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1. Overview

In this tutorial, we’ll discuss how to generate a random alphanumeric String in Kotlin using three different approaches: Java Random, Kotlin Random, and Apache Commons Lang RandomStringUtils.

Then, we’ll wrap up with a look at a high-performance approach.

2. Dependencies

Before we dive into the tutorial, let’s add the Apache Commons Lang dependency into our pom.xml:

<dependency>
    <groupId>org.apache.commons</groupId>
    <artifactId>commons-lang3</artifactId>
    <version>3.8.1</version>
</dependency>

In addition, we can set up some constants for later reference:

const val STRING_LENGTH = 10;
const val ALPHANUMERIC_REGEX = "[a-zA-Z0-9]+";

3. Java Random

First of all, let’s look at how to use Java Random to generate a random String.

In this example, we’ll use ThreadLocalRandom which has a Random instance per thread and safeguards against contention:

private val charPool : List<Char> = ('a'..'z') + ('A'..'Z') + ('0'..'9')

@Test
fun givenAStringLength_whenUsingJava_thenReturnAlphanumericString() {
    val randomString = ThreadLocalRandom.current()
     .ints(STRING_LENGTH.toLong(), 0, charPool.size)
     .asSequence()
     .map(charPool::get)
     .joinToString("")

    assert(randomString.matches(Regex(ALPHANUMERIC_REGEX)));
    assertEquals(STRING_LENGTH, randomString.length);
}

In this example, we’re getting 10 random alphanumeric characters from character pool by generating their indexes, then join them together to create the random String.

ThreadLocalRandom is available since JDK 7We could use java.util.Random instead. But if multiple threads use the same instance of Random, the same seed is shared by multiple threads, causing thread contention.

However, neither ThreadLocalRandom nor Random are cryptographically secure, as it’s possible to guess the next value returned from the generator. Java does provide the noticeably slower java.security.SecureRandom to securely generate a random value.

4. Kotlin Random

From Kotlin 1.3, kotlin.random.Random is available as a multiplatform feature. It uses java.util.Random in JDK 6 and 7, ThreadLocalRandom in JDK 8+ and Math.random in Javascript.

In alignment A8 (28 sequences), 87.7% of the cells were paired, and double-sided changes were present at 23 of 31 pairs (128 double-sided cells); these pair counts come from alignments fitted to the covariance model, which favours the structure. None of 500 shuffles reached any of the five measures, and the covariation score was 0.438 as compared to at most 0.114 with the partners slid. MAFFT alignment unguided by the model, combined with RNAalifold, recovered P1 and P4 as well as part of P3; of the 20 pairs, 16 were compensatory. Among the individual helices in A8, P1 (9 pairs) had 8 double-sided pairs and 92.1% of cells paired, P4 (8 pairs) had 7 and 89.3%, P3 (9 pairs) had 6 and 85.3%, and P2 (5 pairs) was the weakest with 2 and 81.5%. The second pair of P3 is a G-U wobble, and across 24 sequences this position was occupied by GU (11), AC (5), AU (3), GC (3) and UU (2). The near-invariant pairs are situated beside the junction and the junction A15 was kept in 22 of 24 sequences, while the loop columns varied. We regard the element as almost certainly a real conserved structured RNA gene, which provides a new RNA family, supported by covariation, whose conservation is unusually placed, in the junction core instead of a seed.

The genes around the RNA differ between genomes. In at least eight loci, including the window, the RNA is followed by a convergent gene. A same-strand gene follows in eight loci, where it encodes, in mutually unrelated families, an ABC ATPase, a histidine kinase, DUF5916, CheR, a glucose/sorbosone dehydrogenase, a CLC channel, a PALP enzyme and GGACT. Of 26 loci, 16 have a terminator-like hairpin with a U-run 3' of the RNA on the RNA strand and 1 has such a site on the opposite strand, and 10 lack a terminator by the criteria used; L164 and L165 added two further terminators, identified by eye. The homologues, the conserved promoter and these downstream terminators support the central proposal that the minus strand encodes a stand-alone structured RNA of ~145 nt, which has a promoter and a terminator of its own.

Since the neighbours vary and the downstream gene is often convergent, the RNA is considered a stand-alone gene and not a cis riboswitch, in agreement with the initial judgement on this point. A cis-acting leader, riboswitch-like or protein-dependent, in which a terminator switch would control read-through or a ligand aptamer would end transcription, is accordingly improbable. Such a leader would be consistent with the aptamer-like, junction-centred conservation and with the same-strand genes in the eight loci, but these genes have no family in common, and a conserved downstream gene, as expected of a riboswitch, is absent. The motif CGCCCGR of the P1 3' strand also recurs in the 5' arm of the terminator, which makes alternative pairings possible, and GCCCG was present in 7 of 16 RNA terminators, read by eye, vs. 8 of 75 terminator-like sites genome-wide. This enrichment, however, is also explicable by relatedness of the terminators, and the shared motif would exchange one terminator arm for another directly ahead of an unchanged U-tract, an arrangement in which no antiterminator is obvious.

We can get a random String with the same approach:

val randomString = (1..STRING_LENGTH)
  .map { i -> kotlin.random.Random.nextInt(0, charPool.size) }
  .map(charPool::get)
  .joinToString("");

5. Apache Common Lang 

Finally, if we’re still using Kotlin, we can make use of Apache Common Lang libraries to generate a random String:

@Test
fun givenAStringLength_whenUsingApacheCommon_thenReturnAlphanumericString() {
    val randomString = RandomStringUtils.randomAlphanumeric(STRING_LENGTH);
 
    assert(randomString.matches(Regex(ALPHANUMERIC_REGEX)));
    assertEquals(STRING_LENGTH, randomString.length);
}

In this example, we simply call RandomStringUtils.randomAlphanumeric to get our String with a predefined length.

We should note that RandomStringUtils generate random values by using java.util.Random, which isn’t cryptographically secure as we discussed above. So in case of generating a secured token or value, we can use CryptoRandom in Apache Commons Crypto or Java’s SecureRandom.

We have a tutorial about how to generate a random String in Java as well to cover this topic in more details.

6. Performance

A notable aspect of each of these is that it is calling our random number generator STRING_LENGTH times. If we are creating many Strings or long Strings, these approaches may be too slow. With some extra effort, though, we can simply call for a random sequence of bytes, and then map them to our char pool:

@Test
fun givenAStringLength_whenUsingRandomForBytes_thenReturnAlphanumericString() {
    val random = SecureRandom()
    val bytes = ByteArray(STRING_LENGTH)
    random.nextBytes(bytes)

    val randomString = (0..bytes.size - 1)
      .map { i -> charPool.get((bytes[i] and 0xFF.toByte() and (charPool.size-1).toByte()).toInt())
    }.joinToString("")

    assert(randomString.matches(Regex(ALPHANUMERIC_REGEX)))
    assertEquals(STRING_LENGTH, randomString.length)
}

What makes this approach powerful is that, while we still do STRING_LENGTH lookups to our charPool, we only call on our random generator once. And, aside from being faster, this may also reduce thread contention on shared instances.

Also, note that while bytes[i] and 0xFF.toByte() and charPool.size.toByte() may look advanced, it’s just a way to make sure the random bytes are between and charPool.size().

7. Conclusion

In conclusion, we’ve gone through three approaches to generate a random alphanumeric string in Kotlin, exploring the nuances of each. Then, we shifted gears to examine a high-performance solution that can be repurposed for the Kotlin and Java APIs.

As always, the code can be found over on GitHub.

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AndroidDeveloperLB
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AndroidDeveloperLB

I don’t get why you went so far. I think it’s much more efficient, easier to understand, and easy to customize, if you do something like that:
https://stackoverflow.com/a/12116194/878126
You take a char array, and randomly choose one character from it in a loop.

I’ve tested it against your last solution. Here are my results:comment image
Can you please explain ?

Hai Nguyen
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Hai Nguyen

Your idea of “taking a char array, and randomly choose one character from it in a loop” is identical to my first solution.
The slow performance of the last solution is caused by SecureRandom which is slower than Random as the tutorial explains in previous sections.
I did a little experiment by swapping SecureRandom with Random and have a different result.comment image